If the CPS decides to charge, they will send a notice of prosecution to the defendant. The notice of prosecution will contain details of the offence, the date of the offence, and the name and address of the court where the case will be heard.
If you have been charged with an offence, it is important to seek legal advice as soon as possible. A solicitor can help you understand the charge against you and advise you on how to plead. They can also represent you in court if required.
The CPS has a somewhat complex role in the criminal justice process, but in general, the CPS does four things:
In less serious cases, the police can make a decision to charge without the CPS. Less serious cases are defined as:
Note, however, that some offences must always be referred to the CPS for charging. These include:
The CPS can drop charges at any time before the case goes to court. However, they will only do so if they believe there is not enough evidence to convict the defendant or if it is not in the public interest to proceed with the case. If the CPS does drop charges, they will send a notice of discontinuance to the defendant.
In order for the CPS to charge someone with an offence, they must believe that there is enough evidence to convict the defendant. This means that the CPS must be satisfied that there is a realistic prospect of conviction.
The CPS will make this decision based on what type of evidence is included in said file – which varies depending on the offence. For example, in cases of burglary, the CPS will look for evidence such as CCTV footage, DNA evidence, or fingerprints.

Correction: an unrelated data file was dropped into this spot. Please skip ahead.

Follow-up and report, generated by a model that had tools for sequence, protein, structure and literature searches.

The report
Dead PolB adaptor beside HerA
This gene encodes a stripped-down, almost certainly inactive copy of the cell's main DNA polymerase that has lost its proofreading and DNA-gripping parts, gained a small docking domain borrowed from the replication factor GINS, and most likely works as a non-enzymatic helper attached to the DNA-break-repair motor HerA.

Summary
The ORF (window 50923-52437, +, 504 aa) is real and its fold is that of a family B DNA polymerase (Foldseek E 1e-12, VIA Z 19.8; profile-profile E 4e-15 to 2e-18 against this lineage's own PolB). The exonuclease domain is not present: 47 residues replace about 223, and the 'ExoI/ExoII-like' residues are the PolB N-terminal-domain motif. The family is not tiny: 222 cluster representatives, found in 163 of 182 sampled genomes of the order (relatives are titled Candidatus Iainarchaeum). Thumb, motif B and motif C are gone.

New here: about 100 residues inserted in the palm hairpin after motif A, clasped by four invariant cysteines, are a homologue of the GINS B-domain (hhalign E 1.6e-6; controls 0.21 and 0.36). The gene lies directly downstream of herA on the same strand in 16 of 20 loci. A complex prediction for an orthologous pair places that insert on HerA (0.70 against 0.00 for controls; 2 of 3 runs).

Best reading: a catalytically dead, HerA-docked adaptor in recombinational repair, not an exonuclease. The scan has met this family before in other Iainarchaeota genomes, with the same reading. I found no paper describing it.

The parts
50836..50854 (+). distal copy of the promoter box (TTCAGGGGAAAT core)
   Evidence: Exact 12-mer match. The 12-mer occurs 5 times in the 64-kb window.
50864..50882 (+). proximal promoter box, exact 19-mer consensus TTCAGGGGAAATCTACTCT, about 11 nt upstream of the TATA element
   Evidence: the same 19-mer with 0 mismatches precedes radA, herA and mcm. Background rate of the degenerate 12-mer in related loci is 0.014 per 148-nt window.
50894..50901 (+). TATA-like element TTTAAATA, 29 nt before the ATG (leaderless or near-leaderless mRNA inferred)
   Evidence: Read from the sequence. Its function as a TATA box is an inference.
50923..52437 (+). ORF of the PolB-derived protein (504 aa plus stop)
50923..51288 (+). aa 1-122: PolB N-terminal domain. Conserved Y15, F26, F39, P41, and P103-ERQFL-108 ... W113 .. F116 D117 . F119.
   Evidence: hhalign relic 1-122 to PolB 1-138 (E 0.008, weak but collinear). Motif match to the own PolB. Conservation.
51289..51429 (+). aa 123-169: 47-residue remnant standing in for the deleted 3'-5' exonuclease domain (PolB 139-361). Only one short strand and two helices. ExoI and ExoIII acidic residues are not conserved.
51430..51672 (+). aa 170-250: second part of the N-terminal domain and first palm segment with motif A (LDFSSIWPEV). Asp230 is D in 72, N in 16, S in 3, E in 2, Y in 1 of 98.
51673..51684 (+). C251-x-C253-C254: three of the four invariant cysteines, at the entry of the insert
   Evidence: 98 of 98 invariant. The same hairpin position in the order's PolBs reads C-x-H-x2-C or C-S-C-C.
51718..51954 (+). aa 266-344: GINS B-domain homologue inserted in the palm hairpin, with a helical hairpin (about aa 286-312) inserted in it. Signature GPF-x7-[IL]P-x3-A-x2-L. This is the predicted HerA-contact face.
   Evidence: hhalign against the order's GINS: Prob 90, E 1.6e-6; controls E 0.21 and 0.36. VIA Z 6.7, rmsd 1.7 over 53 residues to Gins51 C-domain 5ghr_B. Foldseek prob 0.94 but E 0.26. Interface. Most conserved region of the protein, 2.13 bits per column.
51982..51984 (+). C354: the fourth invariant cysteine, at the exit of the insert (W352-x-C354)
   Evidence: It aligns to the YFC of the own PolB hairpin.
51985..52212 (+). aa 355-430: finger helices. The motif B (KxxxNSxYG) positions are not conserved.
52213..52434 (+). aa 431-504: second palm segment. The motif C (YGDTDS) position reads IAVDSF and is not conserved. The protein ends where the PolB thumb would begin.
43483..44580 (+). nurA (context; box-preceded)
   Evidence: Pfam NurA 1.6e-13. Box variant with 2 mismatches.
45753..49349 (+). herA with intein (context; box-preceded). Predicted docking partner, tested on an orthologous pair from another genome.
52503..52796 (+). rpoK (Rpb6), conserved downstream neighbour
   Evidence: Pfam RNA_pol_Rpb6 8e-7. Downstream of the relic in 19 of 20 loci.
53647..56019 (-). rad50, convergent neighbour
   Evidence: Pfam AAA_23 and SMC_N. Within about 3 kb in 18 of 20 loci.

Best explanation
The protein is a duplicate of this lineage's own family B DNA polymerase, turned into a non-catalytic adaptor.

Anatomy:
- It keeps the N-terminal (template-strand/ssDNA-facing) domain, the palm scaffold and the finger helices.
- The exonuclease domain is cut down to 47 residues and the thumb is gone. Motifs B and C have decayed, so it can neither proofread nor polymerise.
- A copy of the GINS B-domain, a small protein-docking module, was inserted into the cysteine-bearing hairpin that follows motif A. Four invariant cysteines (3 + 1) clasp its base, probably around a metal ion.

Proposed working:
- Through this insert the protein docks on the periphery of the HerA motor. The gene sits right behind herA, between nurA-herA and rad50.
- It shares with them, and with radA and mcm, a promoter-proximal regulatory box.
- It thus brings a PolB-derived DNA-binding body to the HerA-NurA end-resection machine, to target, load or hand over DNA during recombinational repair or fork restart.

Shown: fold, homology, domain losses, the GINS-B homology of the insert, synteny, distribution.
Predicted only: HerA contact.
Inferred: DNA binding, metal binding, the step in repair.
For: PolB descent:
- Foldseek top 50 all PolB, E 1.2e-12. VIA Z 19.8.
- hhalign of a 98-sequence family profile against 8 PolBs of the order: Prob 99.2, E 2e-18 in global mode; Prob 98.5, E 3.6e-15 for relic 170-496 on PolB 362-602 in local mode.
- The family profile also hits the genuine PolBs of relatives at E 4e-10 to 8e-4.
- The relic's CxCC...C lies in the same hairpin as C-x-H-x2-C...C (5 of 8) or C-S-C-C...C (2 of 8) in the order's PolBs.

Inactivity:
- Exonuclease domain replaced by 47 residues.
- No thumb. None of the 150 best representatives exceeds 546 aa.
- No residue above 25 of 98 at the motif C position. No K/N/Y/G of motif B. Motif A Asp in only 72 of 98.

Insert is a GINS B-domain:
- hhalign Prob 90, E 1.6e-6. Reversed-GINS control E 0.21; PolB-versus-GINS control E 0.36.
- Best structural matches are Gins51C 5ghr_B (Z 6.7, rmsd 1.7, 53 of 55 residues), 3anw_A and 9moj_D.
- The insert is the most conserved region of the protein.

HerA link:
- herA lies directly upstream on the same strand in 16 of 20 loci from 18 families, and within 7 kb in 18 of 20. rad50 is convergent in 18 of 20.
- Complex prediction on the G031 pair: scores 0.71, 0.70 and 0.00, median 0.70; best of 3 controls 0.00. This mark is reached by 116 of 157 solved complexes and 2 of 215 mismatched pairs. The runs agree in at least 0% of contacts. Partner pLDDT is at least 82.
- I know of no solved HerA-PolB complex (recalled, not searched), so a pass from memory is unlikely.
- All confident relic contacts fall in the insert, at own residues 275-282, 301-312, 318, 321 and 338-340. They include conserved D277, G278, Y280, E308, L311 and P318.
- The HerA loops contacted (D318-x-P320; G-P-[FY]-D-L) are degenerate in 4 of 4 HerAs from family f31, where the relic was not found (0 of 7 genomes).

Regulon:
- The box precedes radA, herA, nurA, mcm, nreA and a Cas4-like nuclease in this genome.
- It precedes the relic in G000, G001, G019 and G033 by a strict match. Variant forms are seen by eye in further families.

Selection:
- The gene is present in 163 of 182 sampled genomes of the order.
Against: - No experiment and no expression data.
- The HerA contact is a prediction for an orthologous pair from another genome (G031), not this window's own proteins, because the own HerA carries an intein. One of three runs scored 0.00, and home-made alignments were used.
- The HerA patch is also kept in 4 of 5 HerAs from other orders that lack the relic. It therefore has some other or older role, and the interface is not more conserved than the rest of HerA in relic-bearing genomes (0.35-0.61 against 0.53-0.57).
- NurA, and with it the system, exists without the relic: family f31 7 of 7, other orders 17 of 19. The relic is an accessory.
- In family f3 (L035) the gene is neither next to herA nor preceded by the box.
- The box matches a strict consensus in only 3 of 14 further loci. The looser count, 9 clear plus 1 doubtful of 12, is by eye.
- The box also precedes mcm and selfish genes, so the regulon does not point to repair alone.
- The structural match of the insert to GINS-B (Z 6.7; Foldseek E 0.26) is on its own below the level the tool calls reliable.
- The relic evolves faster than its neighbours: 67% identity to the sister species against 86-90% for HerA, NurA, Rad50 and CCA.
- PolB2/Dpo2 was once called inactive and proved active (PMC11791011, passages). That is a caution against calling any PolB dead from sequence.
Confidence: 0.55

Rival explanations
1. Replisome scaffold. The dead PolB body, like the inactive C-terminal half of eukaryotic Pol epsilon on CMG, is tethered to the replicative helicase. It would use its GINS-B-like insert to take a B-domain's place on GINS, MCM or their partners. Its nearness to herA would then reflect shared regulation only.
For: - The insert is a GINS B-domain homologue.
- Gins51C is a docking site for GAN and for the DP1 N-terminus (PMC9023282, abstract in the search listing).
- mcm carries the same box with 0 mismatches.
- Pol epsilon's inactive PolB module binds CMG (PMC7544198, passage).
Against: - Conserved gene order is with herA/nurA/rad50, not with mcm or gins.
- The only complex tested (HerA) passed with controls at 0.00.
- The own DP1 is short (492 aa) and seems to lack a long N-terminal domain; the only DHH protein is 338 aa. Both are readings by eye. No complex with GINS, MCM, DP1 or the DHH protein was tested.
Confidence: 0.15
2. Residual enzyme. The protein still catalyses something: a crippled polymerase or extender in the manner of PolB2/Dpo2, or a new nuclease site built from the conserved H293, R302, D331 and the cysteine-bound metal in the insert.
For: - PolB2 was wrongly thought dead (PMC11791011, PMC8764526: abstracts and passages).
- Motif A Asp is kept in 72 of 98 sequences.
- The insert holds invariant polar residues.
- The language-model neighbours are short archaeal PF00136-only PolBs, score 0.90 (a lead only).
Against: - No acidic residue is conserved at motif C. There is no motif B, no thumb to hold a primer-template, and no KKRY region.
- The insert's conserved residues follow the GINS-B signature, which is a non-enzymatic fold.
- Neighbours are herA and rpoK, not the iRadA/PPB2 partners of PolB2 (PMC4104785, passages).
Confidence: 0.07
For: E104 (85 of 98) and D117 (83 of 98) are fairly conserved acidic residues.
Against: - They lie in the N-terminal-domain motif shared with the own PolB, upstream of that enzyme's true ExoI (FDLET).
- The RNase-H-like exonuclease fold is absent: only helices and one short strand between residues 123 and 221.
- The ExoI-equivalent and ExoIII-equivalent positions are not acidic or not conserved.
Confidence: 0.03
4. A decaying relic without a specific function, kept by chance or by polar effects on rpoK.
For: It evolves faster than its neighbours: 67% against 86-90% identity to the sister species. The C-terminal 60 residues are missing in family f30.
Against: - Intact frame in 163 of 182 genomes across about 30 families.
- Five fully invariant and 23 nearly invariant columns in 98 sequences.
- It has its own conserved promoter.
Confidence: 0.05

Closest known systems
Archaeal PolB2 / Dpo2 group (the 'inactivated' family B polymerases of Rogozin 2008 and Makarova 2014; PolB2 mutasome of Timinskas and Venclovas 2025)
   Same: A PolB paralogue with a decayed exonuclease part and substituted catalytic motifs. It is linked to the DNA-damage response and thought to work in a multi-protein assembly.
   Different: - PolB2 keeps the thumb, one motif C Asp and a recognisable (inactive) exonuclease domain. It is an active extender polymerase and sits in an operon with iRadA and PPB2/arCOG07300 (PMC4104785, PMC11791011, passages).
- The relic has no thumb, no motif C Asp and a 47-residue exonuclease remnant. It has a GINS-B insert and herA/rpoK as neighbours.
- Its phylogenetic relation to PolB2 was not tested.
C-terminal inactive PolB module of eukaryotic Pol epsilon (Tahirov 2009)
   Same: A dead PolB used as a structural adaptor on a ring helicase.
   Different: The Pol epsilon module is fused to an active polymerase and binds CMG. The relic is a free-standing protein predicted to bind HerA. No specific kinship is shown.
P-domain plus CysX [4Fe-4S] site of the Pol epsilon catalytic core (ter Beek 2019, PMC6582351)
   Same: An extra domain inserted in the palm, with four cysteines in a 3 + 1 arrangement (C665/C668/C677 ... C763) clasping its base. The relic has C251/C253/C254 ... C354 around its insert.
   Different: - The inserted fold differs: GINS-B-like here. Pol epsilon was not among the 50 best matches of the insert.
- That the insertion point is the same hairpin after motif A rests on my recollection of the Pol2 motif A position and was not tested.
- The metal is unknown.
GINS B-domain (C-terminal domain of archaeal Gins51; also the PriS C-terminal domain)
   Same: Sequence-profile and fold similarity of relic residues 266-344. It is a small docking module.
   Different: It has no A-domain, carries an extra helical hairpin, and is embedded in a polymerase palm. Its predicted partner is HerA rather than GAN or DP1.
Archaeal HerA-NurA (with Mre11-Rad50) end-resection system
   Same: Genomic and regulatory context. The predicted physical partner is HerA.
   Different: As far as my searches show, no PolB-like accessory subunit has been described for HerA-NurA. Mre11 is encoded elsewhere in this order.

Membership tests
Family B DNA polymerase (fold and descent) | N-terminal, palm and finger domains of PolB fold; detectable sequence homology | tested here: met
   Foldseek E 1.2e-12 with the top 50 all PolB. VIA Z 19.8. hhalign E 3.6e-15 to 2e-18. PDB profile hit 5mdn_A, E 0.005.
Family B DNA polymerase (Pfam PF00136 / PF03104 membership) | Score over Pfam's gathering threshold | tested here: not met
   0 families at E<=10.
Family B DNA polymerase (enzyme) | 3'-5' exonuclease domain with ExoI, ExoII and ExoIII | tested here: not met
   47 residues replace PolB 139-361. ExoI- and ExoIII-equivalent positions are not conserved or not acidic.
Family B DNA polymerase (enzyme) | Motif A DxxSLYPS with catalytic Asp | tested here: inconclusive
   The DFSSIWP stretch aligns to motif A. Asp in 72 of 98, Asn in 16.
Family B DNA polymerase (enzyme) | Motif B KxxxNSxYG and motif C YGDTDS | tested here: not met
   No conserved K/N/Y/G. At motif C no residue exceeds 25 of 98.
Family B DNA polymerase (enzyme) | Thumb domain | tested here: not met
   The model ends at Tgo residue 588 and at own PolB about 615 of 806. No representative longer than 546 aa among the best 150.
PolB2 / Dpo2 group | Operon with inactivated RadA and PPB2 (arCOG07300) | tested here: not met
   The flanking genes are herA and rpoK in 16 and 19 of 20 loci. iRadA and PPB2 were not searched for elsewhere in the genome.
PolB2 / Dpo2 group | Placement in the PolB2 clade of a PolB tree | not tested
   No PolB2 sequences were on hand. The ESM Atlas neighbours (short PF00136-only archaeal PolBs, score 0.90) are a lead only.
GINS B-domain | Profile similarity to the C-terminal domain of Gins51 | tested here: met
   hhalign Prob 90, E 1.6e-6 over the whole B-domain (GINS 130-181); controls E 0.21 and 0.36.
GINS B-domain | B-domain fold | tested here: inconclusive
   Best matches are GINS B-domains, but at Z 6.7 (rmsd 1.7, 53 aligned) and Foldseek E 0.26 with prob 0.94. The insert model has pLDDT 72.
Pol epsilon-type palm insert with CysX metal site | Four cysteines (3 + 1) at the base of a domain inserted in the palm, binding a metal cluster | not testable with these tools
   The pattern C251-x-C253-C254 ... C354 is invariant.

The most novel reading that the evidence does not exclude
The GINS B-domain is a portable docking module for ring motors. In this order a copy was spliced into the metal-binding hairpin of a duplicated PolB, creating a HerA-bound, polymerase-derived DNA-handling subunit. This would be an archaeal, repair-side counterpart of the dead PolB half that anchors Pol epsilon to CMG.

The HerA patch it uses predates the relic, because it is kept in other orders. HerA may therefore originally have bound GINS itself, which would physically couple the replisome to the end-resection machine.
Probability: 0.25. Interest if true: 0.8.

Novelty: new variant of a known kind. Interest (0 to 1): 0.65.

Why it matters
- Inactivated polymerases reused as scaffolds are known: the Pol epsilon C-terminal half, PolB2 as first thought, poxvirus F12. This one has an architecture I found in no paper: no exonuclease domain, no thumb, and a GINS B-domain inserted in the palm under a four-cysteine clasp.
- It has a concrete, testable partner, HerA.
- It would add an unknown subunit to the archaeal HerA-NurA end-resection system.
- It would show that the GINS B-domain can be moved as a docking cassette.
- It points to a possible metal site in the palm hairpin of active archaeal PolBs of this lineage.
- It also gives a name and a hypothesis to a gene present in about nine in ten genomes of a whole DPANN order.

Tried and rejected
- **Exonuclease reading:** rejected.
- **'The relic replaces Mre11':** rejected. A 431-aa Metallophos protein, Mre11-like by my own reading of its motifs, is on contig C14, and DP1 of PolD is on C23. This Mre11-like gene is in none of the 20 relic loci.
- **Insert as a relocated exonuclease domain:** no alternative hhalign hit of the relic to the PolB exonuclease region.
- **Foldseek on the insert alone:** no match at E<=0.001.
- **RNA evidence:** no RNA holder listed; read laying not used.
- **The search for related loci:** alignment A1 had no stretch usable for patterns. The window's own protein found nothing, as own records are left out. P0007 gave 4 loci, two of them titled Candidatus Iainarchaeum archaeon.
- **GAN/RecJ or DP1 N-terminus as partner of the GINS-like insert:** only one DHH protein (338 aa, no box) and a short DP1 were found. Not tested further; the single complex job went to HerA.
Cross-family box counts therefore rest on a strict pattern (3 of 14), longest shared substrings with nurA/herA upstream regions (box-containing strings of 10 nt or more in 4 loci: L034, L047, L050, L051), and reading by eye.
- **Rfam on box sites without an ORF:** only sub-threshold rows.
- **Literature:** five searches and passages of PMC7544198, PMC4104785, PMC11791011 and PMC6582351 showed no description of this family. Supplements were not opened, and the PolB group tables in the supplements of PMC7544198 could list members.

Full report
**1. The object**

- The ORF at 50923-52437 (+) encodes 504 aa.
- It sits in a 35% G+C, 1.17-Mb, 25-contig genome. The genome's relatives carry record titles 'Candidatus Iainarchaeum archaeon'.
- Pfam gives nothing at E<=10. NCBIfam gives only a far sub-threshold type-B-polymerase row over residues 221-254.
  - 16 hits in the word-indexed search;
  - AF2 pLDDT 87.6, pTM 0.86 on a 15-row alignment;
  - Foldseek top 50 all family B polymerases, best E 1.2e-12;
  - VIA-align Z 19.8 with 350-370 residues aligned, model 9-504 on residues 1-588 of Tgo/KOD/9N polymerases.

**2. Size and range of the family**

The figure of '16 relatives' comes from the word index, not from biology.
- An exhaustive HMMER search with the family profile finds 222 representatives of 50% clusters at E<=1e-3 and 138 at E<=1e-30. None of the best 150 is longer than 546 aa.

In order to be convicted of an offence, the prosecution must have enough evidence to prove that the defendant is guilty beyond a reasonable doubt. This is a tough legal test to pass, which means that there is a burden on the CPS to carefully consider the evidence against someone prior to charging. The CPS, as a public body, need to ensure they do not waste limited public resources on prosecutions that have a low chance of succeeding.
If the CPS does not have enough evidence to meet this test, they may still investigate the case further in order to try and gather more evidence. However, if they are still unable to do so, they will drop the charges.
For summary-only crimes that are to be heard in the Magistrates’ Court, there is a time bar on prosecutions after six months. In other words, if you are not prosecuted within six months of the offence being committed, the case will be dropped. This is part of your legal right to a fair trial.
For more serious cases that can be tried in the Crown Court, however, there are longer time limits. Some offences do not have a statute of limitations at all, meaning that it doesn’t matter how much time passes – you can still be charged with an offence if the police find sufficient evidence against you.
How long you can legally be held in custody depends on what you are being charged with:
If you are still awaiting a decision from the CPS and you are struggling to understand what comes next, consider engaging a reputable criminal defence solicitor to guide you through the process. Having legal advice on hand when you need it not only gives you peace of mind but ensures that your rights are protected throughout any criminal process that may result from the CPS decision. Contact the friendly and non-judgemental team at Stuart Miller Solicitors today for a free consultation.